How to improve your vocabulary around animals
TopTips
How to improve your vocabulary around animals

There's a myriad of animals in the world, and the topic happens to be a very popular one in the IELTS test. Especially in IELTS Reading, where an extraordinary number of texts and sections seem to be about obscure beetles in South America that nobody has ever heard of. It can be really difficult to decide what vocabulary around animals you should study in preparation for the exam.  Here's a little surprise when it comes to preparing for the reading and listening part: you should probably not focus on animals at all. Instead, focus on the things animals do, the way they look, and the groups they belong to.  That is because when you get a text or a section about a specific animal, the animal is usually introduced with a short explanation. So, there is no need to study the word ‘pangolin’, if the text tells you that “the ‘pangolin’ is a mammal, covered in scales which serves as protection from predators and that when a predator approaches, the pangolin curls up and uses its sharp tail to protect itself.” In this sentence, for example, the words ‘mammal’, ‘scales’, ‘predators’, ‘curls up’ and ‘tail’, are much more important than the word pangolin itself.  Here is my example of what your animal vocabulary study sheet could look like: (Click to enlarge) It is easy to see that this list is by no means complete and that you will have to keep adding to it through the course of your studies.  If you simply follow a table like the one above, it might become difficult at some point and you might prefer to re-organise the vocabulary items into a mind map. Here’s an example of what that might look like (just keep adding more words and definitions in English and/or translations into your language to the map):  (Click to enlarge) The important thing with mind maps is that the way you organise the information has to make sense to you. Nobody else. So, if you think it’s logical to compare similar ideas across animals – for example baby animals: puppies, kittens, cubs, chicks – then you should arrange information that way on your mind map. If it makes sense to you to categorise the animal kingdom into separate groups first – e.g. birds, mammals, fish – then that is how you should divide your mind map. For some people, mind maps don’t work at all and they are confusing rather than helpful. If you are among them, ignore this method, and move on to something that works for you.  A lot of people really like having pictures of animals around and you could incorporate that in your vocabulary studies by copying and pasting images of the relevant vocabulary into a word document and annotating them. Annotating here means to add your own text to the pictures. (Click to enlarge) Another great way to prepare for the exam is to read texts about animals or watch television programmes about exploration and conservation. You could do this in English and make a note of key vocabulary that is used frequently. Alternatively, you could engage with the topic in your own language, identify key vocabulary and research the words in English. This technique is useful for the Reading and Listening test, but even more so for Writing Part 2 as you might be asked about the importance of protecting nature or a similar issue.  In the Speaking test, you are likely to use animal vocabulary that you can personally relate to. This might be to answer questions about your pets or your favourite animals, animals you are afraid of or about animals that your country might be famous for. So, make a mental note of the way animals play a part in your everyday life. If you’ve enjoyed this blog, check out more advice on learning vocabulary here, or for more practice I recommend Cambridge Vocabulary for IELTS. Sophie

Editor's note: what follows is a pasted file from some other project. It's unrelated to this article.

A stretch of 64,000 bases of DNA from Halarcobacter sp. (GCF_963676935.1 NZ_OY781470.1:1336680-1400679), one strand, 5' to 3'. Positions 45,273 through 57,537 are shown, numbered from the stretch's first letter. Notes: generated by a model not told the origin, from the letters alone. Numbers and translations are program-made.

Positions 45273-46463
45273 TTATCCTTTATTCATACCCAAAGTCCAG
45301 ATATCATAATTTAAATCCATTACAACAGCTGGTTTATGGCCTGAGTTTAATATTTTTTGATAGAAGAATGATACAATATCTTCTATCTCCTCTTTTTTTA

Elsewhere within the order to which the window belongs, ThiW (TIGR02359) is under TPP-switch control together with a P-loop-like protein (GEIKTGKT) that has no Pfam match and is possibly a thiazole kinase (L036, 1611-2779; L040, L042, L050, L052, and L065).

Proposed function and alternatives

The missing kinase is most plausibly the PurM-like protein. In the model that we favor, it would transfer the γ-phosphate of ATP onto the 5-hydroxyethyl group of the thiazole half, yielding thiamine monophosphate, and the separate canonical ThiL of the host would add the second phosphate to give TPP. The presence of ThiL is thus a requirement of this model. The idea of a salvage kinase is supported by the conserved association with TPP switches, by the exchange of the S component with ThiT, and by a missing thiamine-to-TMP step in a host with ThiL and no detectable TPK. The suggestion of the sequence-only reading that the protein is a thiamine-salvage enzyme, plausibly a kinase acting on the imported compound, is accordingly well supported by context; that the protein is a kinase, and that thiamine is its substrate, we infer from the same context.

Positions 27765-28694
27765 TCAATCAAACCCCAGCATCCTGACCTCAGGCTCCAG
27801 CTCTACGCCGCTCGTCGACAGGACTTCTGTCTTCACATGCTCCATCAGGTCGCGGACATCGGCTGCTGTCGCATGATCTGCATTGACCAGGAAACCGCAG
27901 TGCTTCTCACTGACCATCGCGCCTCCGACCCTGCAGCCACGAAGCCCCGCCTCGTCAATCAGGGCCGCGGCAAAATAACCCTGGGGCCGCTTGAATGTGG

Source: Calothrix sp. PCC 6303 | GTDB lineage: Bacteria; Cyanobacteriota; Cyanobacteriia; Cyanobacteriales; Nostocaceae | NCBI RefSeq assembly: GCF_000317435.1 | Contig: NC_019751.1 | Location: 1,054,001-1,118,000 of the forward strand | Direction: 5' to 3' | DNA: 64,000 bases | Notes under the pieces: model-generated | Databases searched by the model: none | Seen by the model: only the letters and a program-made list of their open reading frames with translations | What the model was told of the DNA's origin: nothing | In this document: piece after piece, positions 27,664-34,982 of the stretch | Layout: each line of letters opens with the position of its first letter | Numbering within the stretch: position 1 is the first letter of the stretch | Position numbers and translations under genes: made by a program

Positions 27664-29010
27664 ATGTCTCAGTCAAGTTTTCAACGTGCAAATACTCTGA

Sophie Hodgson

11 May, 2021

How to improve your vocabulary around animals

How to improve your vocabulary around animals

There's a myriad of animals in the world, and the topic happens to be a very popular one in the IELTS test. Especially in IELTS Reading, where an extraordinary number of texts and sections seem to be about obscure beetles in South America that nobody has ever heard of. It can be really difficult to decide what vocabulary around animals you should study in preparation for the exam.

Here's a little surprise when it comes to preparing for the reading and listening part: you should probably not focus on animals at all. Instead, focus on the things animals do, the way they look, and the groups they belong to.